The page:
Fusion of intracellular transport vesicles requires soluble N-ethylmaleimide-sensitive factor attachment protein receptors (SNAREs) and Sec1/Munc18-family (SM) proteins. Membrane-bridging SNARE complexes are critical for fusion, but their spontaneous assembly is inefficient and may require SM proteins in vivo. We report x-ray structures of Vps33, the SM subunit of the yeast homotypic fusion and vacuole protein-sorting (HOPS) complex, bound to two individual SNAREs. The two SNAREs, one from each membrane, are held in the correct orientation and register for subsequent complex assembly. Vps33 and potentially other SM proteins could thus act as templates for generating partially zipped SNARE assembly intermediates. HOPS was essential to mediate SNARE complex assembly at physiological SNARE concentrations. Thus, Vps33 appears to catalyze SNARE complex assembly through specific SNARE motif recognition. Source

Shtyrov Y.,Medical Research Council MRC

Humans are unique in developing large lexicons as their communication tool; to achieve this, they are able to learn new words rapidly. However, neural bases of this rapid learning, which may be an expression of a more general cognitive mechanism likely rooted in plasticity at cellular and synaptic levels, are not yet understood. In this update, the author highlights a selection of recent studies that attempted to trace word learning in the human brain noninvasively. A number of brain areas, most notably in hippocampus and neocortex, appear to take part in word acquisition. Critically, the currently available data not only demonstrate the hippocampal role in rapid encoding followed by slow-rate consolidation of cortical word memory traces but also suggest immediate neocortical involvement in the word memory trace formation. Echoing early behavioral studies in ultra-rapid word learning, the reviewed neuroimaging experiments can be taken to suggest that our brain may effectively form new cortical circuits online, as it gets exposed to novel linguistic patterns in the sensory input. © The Author(s) 2012. Source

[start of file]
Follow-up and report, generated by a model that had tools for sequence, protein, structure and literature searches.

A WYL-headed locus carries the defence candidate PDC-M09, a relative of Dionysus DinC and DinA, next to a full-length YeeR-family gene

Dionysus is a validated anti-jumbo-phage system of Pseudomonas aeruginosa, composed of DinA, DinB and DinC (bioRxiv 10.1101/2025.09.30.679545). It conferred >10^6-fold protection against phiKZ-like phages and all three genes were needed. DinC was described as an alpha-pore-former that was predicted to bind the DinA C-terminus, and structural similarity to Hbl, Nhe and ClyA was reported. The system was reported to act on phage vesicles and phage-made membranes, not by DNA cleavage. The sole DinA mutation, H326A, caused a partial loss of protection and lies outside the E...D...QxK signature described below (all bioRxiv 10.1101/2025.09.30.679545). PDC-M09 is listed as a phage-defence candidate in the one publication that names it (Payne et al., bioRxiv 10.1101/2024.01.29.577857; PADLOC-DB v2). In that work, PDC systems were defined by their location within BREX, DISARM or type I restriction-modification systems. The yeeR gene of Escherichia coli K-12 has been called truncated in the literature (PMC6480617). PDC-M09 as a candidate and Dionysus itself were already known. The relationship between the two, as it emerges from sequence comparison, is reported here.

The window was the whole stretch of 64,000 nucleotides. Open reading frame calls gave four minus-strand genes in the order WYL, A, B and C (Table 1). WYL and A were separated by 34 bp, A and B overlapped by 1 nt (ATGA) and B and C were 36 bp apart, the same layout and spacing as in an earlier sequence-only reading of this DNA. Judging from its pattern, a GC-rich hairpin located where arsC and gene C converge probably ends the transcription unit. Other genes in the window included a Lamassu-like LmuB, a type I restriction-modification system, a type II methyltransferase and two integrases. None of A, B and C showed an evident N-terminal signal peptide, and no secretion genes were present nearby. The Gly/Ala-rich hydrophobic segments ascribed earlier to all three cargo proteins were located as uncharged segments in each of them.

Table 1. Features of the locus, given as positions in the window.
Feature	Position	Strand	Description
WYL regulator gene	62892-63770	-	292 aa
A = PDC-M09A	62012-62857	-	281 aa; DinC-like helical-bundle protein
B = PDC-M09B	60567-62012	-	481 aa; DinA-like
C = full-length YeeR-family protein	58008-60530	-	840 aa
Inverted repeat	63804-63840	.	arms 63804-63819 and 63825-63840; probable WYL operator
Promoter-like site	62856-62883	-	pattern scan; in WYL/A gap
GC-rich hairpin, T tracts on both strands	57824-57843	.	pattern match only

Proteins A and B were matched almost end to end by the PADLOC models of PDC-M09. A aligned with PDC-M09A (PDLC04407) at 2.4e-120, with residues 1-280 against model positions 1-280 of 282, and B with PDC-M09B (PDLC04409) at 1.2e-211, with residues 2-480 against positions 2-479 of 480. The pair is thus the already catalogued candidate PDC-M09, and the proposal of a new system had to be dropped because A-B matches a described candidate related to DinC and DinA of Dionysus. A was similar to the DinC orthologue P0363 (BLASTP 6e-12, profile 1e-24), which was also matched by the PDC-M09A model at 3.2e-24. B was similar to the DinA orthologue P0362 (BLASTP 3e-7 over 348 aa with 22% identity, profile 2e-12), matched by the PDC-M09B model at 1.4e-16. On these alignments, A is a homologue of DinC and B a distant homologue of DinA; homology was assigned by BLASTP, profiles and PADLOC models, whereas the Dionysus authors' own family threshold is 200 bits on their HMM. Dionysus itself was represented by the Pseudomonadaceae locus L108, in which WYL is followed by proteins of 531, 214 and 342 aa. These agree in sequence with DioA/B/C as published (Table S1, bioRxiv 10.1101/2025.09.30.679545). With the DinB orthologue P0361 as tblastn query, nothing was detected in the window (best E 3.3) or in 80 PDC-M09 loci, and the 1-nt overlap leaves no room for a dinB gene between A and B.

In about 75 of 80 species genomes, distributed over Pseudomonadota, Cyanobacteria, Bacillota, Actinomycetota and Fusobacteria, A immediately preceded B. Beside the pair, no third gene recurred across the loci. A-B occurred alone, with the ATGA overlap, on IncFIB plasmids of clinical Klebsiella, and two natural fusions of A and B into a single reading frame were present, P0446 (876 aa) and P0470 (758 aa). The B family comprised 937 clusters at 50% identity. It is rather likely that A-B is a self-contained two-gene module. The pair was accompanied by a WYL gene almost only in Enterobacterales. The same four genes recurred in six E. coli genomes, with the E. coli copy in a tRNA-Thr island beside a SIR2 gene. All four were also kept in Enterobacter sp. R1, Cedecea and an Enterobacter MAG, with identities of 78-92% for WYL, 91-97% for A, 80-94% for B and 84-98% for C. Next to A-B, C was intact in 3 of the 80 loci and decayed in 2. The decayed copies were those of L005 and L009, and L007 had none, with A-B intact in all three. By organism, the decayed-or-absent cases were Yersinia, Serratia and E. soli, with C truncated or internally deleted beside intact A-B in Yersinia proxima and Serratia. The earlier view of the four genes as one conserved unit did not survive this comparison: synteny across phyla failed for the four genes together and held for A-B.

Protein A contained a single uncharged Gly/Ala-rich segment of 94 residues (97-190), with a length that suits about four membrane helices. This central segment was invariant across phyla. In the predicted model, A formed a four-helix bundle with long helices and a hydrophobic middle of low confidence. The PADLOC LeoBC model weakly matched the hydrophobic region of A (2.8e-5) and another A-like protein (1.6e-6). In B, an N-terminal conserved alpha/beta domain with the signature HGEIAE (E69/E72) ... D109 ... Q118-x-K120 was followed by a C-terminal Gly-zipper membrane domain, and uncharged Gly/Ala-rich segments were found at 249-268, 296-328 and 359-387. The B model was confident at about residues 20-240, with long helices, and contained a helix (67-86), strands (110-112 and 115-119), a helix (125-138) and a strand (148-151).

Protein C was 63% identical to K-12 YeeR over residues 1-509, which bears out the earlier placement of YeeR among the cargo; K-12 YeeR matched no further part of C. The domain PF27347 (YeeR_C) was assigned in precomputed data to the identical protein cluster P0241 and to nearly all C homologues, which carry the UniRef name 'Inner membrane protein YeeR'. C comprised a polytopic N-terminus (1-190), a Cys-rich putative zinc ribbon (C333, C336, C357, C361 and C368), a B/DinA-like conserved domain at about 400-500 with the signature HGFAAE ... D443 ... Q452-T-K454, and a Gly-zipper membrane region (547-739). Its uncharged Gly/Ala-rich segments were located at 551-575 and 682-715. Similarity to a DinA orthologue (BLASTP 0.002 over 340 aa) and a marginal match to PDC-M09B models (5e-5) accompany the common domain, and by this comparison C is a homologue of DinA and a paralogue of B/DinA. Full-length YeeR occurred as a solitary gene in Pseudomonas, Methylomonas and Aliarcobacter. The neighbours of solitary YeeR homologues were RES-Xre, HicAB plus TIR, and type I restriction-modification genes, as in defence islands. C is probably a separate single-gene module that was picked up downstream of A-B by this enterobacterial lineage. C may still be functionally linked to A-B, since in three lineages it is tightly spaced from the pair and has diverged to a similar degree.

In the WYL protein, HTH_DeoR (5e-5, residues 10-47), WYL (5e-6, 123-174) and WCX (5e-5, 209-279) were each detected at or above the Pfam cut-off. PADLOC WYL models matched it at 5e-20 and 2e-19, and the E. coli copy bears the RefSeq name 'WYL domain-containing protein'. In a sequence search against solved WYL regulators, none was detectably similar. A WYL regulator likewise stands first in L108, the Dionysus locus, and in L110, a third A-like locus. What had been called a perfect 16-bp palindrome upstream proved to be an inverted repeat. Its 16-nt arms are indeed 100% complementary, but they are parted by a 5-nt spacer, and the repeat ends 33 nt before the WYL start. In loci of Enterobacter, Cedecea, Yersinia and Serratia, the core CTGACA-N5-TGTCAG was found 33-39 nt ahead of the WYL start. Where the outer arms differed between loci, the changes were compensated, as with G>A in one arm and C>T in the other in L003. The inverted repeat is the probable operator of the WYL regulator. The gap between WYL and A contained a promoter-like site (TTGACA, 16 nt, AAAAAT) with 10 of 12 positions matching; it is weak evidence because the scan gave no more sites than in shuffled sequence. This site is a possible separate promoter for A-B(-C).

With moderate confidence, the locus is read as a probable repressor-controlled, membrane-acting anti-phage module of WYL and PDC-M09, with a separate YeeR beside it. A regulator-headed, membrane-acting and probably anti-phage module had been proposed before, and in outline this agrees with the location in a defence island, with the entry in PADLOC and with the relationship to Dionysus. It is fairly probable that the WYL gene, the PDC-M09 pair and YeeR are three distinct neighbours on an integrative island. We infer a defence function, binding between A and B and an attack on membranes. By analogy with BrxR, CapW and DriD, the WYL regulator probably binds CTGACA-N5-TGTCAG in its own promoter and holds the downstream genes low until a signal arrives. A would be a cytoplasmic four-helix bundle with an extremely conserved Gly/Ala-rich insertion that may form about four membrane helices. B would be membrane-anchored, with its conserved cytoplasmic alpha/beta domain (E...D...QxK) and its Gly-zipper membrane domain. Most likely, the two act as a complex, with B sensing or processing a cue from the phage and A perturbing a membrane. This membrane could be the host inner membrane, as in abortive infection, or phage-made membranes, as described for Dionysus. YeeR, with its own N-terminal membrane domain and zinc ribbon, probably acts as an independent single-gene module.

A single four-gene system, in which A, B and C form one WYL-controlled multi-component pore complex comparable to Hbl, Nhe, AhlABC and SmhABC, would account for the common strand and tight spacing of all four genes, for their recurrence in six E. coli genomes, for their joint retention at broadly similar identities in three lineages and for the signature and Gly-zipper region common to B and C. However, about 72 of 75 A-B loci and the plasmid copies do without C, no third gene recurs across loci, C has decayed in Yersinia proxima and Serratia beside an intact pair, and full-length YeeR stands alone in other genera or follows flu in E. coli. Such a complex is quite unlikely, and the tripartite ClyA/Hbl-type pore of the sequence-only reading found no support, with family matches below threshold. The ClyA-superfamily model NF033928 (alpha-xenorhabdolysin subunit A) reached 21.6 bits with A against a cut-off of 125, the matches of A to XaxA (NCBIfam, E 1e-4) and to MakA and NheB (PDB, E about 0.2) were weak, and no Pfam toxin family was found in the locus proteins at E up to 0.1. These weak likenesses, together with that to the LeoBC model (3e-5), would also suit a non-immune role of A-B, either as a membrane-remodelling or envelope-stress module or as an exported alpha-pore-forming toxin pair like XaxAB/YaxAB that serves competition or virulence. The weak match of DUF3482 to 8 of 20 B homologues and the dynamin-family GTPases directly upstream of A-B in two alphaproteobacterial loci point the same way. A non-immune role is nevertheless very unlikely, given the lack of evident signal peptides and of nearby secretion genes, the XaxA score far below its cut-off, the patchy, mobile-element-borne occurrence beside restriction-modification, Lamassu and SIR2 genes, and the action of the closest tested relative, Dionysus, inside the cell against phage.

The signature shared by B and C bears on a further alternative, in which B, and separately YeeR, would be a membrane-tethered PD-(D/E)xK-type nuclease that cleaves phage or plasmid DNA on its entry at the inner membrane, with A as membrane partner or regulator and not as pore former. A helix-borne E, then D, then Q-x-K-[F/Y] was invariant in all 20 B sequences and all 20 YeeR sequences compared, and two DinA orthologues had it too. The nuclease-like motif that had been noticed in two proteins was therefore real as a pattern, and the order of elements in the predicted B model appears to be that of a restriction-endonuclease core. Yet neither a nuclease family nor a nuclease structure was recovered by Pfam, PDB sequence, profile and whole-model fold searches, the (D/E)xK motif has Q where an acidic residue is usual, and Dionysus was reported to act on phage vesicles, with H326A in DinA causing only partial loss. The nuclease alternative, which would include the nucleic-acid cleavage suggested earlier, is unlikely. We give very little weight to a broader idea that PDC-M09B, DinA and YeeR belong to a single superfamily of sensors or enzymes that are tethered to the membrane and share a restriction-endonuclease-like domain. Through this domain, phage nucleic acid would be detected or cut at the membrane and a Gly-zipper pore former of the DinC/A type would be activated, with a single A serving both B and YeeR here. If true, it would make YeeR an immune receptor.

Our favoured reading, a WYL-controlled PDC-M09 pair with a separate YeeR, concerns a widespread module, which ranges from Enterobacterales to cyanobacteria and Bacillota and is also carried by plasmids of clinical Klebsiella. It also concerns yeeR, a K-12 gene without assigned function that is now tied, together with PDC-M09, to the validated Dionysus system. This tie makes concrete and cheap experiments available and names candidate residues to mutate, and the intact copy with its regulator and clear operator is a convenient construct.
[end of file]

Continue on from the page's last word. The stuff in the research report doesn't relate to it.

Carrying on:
Kulathu Y.,Medical Research Council MRC | Komander D.,Medical Research Council MRC
Nature Reviews Molecular Cell Biology

Ubiquitylation is one of the most abundant and versatile post-translational modifications (PTMs) in cells. Its versatility arises from the ability of ubiquitin to form eight structurally and functionally distinct polymers, in which ubiquitin moieties are linked via one of seven Lys residues or the amino terminus. Whereas the roles of Lys48-and Lys63-linked polyubiquitin in protein degradation and cellular signalling are well characterized, the functions of the remaining six 'atypical' ubiquitin chain types (linked via Lys6, Lys11, Lys27, Lys29, Lys33 and Met1) are less well defined. Recent developments provide insights into the mechanisms of ubiquitin chain assembly, recognition and hydrolysis and allow detailed analysis of the functions of atypical ubiquitin chains. The importance of Lys11 linkages and Met1 linkages in cell cycle regulation and nuclear factor-κB activation, respectively, highlight that the different ubiquitin chain types should be considered as functionally independent PTMs. © 2012 Macmillan Publishers Limited. All rights reserved. Source

Discover hidden collaborations